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American Farmland Trust Applauds New USDA Actions to Address Climate Change through Conservation Programs

This statement can be attributed to Samantha Levy, American Farmland Trust’s Climate Policy Manager 

January 10th, 2022. Washington, D.C. – American Farmland Trust (AFT) praises USDA’s climate change conservation announcement of a $38 million streamlined Environmental Quality Incentives Program (EQIP) Cover Crop Initiative targeted at 11 states.  

Planting cover crops is one of the most impactful and cost-effective actions producers can take to improve their resilience to extreme weather, increase biodiversity, and sequester carbon. Though cover crop use has grown in recent years, it is still only implemented on 5% of eligible acres nationwide. Keeping the ground covered year-round on more acres is a critical climate, soil health, and water quality improvement strategy. In recognition of this, AFT encouraged USDA-NRCS to implement a Cover Crop Initiative as part of our November 2020 transition recommendations to the Biden Administration. This program not only answers our call, but those of many conservation groups across the country.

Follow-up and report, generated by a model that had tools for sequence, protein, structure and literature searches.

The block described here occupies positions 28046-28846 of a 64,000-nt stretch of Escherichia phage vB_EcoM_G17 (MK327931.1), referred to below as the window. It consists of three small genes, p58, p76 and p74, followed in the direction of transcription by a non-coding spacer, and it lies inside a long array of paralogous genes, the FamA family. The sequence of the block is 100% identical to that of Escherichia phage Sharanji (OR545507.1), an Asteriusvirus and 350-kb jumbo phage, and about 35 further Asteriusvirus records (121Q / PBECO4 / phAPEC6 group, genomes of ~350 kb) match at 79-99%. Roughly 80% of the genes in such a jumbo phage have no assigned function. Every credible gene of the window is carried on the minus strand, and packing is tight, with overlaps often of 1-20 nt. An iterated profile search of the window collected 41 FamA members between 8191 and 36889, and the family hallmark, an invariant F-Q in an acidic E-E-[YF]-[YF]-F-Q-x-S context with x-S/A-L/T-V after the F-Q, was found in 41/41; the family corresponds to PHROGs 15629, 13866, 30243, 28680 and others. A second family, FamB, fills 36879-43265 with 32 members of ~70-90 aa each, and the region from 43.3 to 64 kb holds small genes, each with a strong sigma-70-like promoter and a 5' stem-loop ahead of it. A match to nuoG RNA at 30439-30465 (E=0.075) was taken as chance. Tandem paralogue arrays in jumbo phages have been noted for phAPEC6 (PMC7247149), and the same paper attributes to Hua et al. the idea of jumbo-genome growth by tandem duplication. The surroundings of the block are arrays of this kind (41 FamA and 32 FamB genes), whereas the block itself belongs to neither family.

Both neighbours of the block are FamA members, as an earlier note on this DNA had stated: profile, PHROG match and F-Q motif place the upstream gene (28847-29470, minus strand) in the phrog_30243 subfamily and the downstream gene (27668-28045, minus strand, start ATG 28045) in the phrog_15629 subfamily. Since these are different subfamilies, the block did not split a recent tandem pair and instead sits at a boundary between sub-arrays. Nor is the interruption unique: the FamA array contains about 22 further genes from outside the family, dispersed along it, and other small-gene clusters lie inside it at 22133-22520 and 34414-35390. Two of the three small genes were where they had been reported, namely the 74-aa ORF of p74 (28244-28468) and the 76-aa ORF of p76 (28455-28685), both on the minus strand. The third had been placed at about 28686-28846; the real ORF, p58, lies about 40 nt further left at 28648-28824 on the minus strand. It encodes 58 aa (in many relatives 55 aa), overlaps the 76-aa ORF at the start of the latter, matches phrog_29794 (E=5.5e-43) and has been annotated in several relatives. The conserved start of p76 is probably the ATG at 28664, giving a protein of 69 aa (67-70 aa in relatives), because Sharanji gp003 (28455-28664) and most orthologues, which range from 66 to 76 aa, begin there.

NRCS also announced additional actions to help more farmers and ranchers address climate change, including the new Farmers for Soil Health partnership, nationalization of EQIP’s five-year Conservation Incentive Contracts, and an administrative change to help those with existing Conservation Stewardship Program contracts. These steps will enable more of our nation’s producers to manage drought, improve soil health, and enhance their viability in the face of a rapidly changing climate.  

AFT looks forward to supporting implementation of these efforts and working collaboratively with partners, legislators, and the Administration in the 2023 Farm Bill to engage even more producers in combating climate change. Without our continued and urgent action to reduce GHG emissions and sequester carbon – communities at home and abroad, particularly those most vulnerable – will face extreme hardship.  

About the Author
Samantha Levy

Climate Policy Manager



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